The military has pinned much of the blame of the crisis on a tight jobs market that has seen private employers raising wages, making it harder for the military to compete and contributing to a shrinking pool of qualified applicants.


However, some critics have also placed blame on the military seemingly turning towards a more "woke" culture, pointing to mandatory diversity and inclusion classes and a lack of focus on combat readiness.

"How can we ask young men and women who have decided to risk their lives for America, even die for America, to affirm that our country is inherently racist?" former Secretary of State Mike Pompeo wrote for Fox News last year. 

"How can we ask them to view their brothers and sisters in arms through the narrow prisms of race or gender? The clear and obvious answer is that we cannot – not without putting their lives at risk on the battlefield," Pompeo said. "A woke military is a weak military. Unfortunately, woke and weak are exactly what our military is becoming under Biden’s leadership."

Others have pointed to the military's recently abandoned COVID-19 vaccine requirement, noting that total end strength has been reduced and that the requirement was seen as a non-starter for many potential recruits.

Defense Secretary Lloyd Austin talks about the Pentagon's national defense strategy

Defense Secretary Lloyd Austin speaks during a briefing at the Pentagon. (AP Photo/Susan Walsh)

"Where it is having an impact for sure is on recruiting, where in parts of the country there's still myths and misbeliefs about the backstory behind it," Marine Corps Commandant Gen. David Berger said of the mandate last year. "There was not accurate information out early on and it was very politicized and people make decisions and they still have those same beliefs. That's hard to work your way past really hard to work."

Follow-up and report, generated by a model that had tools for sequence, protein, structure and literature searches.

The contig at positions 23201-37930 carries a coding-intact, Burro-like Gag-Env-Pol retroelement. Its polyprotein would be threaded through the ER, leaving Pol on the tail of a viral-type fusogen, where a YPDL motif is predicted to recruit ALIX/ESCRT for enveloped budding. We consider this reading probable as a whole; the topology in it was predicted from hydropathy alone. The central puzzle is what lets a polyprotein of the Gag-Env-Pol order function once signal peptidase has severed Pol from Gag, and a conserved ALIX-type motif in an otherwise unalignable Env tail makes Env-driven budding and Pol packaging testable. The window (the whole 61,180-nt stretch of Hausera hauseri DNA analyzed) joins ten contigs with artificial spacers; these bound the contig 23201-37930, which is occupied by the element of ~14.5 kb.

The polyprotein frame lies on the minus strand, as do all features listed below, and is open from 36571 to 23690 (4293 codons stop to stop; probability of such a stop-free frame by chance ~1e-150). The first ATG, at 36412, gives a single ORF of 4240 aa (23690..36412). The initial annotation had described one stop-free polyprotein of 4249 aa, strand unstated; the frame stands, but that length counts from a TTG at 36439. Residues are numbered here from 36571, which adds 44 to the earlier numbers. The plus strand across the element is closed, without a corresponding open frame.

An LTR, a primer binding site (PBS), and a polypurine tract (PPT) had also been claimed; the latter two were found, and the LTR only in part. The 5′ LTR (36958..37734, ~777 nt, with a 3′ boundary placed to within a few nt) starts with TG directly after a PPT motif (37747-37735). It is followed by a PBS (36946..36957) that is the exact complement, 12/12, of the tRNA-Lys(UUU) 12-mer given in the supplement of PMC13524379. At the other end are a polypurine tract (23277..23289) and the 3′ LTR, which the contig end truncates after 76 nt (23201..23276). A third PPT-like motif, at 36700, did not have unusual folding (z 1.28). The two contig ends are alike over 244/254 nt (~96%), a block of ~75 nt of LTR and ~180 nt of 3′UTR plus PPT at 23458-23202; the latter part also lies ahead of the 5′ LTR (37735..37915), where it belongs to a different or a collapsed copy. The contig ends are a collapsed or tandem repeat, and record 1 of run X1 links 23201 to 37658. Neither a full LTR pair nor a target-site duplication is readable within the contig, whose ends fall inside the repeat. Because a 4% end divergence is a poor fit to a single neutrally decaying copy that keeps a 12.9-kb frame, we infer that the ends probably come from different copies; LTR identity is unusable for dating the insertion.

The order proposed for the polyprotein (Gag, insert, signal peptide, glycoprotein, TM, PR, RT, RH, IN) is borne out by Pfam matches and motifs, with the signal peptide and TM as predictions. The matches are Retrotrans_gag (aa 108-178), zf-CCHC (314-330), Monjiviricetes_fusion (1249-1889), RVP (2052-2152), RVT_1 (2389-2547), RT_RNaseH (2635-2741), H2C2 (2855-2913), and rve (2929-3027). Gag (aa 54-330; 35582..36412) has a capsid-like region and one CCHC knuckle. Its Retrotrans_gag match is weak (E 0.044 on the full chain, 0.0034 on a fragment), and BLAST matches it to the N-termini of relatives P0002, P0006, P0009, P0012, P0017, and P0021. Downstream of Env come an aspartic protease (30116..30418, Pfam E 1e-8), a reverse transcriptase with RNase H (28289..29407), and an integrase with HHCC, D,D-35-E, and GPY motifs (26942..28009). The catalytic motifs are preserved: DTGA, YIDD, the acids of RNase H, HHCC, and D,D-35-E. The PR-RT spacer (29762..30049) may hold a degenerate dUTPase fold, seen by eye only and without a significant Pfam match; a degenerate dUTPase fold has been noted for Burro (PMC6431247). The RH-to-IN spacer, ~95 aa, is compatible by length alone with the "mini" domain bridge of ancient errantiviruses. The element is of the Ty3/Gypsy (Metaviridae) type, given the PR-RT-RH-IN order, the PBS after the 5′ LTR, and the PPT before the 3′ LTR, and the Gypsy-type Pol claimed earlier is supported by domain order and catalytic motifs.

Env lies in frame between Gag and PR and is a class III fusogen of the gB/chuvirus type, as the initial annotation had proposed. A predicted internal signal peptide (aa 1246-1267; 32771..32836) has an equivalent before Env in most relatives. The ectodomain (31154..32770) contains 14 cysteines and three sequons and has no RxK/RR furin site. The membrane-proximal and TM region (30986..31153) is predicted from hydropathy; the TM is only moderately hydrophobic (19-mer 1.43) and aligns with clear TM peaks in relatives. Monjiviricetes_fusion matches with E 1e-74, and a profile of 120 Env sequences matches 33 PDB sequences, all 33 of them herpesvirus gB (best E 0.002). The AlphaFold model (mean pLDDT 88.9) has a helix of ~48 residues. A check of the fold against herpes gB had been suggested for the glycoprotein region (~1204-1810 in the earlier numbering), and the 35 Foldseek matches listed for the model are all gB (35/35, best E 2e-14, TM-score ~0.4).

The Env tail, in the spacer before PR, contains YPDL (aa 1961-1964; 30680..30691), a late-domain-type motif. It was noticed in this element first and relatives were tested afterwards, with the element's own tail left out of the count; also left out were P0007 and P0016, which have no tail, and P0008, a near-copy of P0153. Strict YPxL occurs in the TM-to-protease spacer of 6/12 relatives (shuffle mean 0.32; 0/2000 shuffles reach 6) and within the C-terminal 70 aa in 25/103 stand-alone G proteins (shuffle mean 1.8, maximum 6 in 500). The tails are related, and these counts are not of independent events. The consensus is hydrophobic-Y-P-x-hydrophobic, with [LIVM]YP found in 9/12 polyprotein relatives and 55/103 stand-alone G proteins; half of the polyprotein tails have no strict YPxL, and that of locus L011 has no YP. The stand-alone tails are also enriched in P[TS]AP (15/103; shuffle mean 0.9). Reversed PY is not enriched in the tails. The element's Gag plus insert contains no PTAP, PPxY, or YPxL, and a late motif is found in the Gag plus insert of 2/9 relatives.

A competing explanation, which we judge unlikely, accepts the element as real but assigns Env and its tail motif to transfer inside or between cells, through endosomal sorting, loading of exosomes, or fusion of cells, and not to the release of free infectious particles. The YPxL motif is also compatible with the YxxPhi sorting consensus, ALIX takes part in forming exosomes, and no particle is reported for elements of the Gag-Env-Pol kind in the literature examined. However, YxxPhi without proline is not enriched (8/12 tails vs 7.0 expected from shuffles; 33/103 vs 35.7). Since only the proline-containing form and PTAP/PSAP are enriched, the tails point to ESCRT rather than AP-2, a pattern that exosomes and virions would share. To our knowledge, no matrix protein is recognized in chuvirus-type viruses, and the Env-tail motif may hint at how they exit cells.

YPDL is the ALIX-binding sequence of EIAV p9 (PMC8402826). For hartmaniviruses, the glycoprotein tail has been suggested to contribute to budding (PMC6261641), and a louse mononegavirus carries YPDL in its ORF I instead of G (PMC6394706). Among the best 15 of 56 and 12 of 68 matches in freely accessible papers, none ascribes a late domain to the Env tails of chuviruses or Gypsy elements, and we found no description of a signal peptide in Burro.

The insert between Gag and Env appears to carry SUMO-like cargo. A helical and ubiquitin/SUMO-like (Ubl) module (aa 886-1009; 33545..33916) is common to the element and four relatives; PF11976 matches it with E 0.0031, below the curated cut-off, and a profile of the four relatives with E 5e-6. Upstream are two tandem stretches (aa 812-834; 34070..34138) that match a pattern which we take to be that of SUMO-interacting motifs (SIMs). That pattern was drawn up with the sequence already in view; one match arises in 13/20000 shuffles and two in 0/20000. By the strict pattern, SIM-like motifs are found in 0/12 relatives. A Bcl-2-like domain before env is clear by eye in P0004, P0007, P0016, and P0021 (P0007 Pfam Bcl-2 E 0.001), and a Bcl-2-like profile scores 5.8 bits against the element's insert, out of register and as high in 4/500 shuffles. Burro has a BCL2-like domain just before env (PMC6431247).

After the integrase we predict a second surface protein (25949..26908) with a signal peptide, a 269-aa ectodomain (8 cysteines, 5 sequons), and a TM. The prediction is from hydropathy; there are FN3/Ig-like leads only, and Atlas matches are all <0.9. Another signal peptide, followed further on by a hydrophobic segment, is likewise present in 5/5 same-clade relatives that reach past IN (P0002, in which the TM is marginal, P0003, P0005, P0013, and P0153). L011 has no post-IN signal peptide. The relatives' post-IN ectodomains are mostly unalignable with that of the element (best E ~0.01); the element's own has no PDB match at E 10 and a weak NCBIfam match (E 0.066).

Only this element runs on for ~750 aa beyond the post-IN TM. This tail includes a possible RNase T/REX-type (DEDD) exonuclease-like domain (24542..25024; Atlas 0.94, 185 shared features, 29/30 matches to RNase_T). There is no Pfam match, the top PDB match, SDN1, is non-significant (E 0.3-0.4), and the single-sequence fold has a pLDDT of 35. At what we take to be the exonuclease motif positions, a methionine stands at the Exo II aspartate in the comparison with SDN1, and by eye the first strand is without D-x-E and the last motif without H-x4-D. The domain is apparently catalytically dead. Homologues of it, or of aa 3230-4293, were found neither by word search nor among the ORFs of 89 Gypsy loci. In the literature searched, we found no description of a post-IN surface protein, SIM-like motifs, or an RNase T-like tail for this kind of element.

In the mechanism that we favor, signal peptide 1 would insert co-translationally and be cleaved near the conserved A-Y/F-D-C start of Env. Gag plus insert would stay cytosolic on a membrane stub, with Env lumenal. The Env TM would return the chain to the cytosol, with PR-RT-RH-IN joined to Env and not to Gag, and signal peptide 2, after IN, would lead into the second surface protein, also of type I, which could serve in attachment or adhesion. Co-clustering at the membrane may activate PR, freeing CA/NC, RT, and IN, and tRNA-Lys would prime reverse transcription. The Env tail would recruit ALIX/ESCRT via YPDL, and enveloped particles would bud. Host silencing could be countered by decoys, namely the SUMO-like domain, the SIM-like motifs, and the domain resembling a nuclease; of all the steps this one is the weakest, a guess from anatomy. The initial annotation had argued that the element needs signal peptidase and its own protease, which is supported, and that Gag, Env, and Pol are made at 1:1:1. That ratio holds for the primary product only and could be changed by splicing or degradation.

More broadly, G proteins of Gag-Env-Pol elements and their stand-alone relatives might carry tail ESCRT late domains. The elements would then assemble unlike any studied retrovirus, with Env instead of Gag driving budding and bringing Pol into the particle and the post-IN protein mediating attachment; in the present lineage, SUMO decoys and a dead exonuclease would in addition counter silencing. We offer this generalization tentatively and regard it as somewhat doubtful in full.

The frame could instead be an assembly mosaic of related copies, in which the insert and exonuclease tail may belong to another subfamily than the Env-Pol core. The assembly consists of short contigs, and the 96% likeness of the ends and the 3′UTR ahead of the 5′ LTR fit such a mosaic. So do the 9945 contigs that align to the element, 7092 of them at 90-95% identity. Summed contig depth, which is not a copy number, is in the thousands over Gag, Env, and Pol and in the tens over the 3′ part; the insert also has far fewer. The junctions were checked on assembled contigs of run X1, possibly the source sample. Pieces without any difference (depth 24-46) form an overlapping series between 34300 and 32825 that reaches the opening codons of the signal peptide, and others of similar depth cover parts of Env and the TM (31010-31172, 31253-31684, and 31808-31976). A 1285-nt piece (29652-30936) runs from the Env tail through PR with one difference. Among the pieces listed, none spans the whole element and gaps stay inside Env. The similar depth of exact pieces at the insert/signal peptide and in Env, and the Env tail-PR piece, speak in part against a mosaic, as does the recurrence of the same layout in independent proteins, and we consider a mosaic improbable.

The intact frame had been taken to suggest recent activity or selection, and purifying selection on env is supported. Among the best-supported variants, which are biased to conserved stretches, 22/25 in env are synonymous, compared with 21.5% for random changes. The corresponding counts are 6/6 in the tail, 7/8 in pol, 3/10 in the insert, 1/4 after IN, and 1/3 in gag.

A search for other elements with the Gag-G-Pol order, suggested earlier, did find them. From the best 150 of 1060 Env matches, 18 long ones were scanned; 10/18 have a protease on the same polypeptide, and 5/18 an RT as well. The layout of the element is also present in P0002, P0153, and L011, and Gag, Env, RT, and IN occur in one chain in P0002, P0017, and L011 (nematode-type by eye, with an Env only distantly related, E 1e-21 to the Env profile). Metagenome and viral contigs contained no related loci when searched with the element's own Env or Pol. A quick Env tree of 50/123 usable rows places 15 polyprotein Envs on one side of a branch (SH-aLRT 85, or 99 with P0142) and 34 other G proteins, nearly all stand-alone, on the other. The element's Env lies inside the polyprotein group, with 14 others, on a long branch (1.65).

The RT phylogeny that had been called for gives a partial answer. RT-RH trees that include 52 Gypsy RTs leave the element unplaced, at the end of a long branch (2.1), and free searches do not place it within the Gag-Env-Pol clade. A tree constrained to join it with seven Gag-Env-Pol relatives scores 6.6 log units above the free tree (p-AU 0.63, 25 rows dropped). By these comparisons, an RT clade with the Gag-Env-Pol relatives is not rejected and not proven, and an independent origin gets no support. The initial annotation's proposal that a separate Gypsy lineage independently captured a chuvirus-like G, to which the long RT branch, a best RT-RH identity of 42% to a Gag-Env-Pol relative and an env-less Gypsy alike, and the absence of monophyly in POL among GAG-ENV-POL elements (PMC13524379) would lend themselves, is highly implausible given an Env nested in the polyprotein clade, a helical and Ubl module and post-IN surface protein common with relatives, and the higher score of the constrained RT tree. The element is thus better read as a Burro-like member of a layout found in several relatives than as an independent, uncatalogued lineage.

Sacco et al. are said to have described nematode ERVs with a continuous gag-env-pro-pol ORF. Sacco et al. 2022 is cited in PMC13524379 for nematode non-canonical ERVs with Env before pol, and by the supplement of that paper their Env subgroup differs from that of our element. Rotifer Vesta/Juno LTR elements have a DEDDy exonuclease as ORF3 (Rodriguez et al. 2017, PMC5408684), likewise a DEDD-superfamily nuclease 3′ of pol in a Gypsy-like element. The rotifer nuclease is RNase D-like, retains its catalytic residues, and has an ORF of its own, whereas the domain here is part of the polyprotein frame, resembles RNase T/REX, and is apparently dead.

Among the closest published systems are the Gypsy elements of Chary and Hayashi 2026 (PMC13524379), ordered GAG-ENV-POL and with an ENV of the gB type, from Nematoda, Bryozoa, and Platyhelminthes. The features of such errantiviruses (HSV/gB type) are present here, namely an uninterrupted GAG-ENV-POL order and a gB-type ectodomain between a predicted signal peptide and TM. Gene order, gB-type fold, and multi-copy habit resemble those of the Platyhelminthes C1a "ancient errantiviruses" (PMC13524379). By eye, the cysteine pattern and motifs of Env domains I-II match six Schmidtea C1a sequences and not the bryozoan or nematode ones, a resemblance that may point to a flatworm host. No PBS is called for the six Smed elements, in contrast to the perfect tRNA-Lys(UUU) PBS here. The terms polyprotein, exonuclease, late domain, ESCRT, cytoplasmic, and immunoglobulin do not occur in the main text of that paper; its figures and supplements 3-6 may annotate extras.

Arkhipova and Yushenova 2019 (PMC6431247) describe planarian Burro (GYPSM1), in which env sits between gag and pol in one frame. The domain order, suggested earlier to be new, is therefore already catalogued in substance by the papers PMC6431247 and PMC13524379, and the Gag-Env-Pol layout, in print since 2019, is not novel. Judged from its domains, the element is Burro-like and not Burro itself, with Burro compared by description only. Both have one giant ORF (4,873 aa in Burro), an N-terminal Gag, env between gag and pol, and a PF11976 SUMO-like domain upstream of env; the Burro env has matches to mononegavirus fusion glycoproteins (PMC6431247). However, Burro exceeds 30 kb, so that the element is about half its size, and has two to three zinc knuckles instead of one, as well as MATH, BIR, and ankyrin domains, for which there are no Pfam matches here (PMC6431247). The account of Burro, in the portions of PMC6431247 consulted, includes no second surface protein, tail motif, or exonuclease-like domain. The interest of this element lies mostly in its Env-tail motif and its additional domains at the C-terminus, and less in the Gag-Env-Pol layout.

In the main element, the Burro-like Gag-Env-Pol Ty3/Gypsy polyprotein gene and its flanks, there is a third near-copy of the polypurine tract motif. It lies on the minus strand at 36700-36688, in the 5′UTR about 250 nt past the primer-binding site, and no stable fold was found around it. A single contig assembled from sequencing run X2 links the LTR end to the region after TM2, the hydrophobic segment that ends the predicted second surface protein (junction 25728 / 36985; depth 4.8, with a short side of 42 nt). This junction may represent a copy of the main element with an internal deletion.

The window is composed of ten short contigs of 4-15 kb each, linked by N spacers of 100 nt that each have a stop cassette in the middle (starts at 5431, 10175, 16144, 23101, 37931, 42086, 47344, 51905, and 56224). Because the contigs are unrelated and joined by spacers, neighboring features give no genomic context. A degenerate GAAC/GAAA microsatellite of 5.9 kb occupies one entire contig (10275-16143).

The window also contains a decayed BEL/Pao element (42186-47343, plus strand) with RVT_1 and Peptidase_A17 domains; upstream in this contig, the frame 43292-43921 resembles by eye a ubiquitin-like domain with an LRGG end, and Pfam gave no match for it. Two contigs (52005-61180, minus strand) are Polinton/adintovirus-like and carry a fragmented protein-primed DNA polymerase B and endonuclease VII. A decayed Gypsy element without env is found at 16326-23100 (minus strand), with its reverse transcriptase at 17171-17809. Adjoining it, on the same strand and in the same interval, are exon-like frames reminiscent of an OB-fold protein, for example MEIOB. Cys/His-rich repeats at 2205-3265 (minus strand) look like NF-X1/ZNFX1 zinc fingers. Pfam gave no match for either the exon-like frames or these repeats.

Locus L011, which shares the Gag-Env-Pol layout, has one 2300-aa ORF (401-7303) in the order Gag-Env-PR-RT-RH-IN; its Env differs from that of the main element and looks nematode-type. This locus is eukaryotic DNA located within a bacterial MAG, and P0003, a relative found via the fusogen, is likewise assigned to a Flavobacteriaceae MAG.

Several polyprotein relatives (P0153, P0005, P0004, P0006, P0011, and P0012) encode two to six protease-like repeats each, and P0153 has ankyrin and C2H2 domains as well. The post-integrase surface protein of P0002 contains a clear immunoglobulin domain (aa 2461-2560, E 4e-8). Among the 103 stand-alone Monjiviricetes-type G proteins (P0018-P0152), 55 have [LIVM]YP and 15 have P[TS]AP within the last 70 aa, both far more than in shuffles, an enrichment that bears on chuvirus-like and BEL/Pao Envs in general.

Whatever the reason, the services have been forced to get creative in an attempt to turn the tide. Like the Army, the Navy recently unveiled a program that would allow the branch to begin accepting more recruits who fall into the lowest aptitude percentile allowed on military entrance tests.

The new requirements will allow for the Navy to enlist an additional 7,500 recruits that fall into "Category IV," which is compromised of applicants who have a high school diploma and scored within the 10th and 30th percentile on the Armed Forces Qualification Test.

"As we continue to navigate a challenging recruiting environment, changing the AFQT requirement removes a potential barrier to enlistment, allowing us to widen the pool of potential recruits and creating opportunities for personnel who wish to serve," Cmdr. David Benham, a spokesperson for Commander, Navy Recruiting Command, told of the new guidelines in a recent interview.

Navy sailors near ship

Crew members of the USS Sioux City, a Freedom-class of littoral combat ship, gather before the ship's commissioning ceremony. (AP)

For the Army, leaders are expressing optimism that the expanded program will both help alleviate the recruiting crisis while filling the service with quality troops.


"The model developed at Fort Jackson has been overwhelmingly successful at preparing and building quality recruits by tapping into their unrealized potential," Maj. Gen. Curtis Buzzard, Fort Benning commanding general, said in a statement, according to 

"We are excited to bring the Future Soldier Preparatory Course to Fort Benning and increase the opportunity to serve in our Army without sacrificing the quality needed across the force."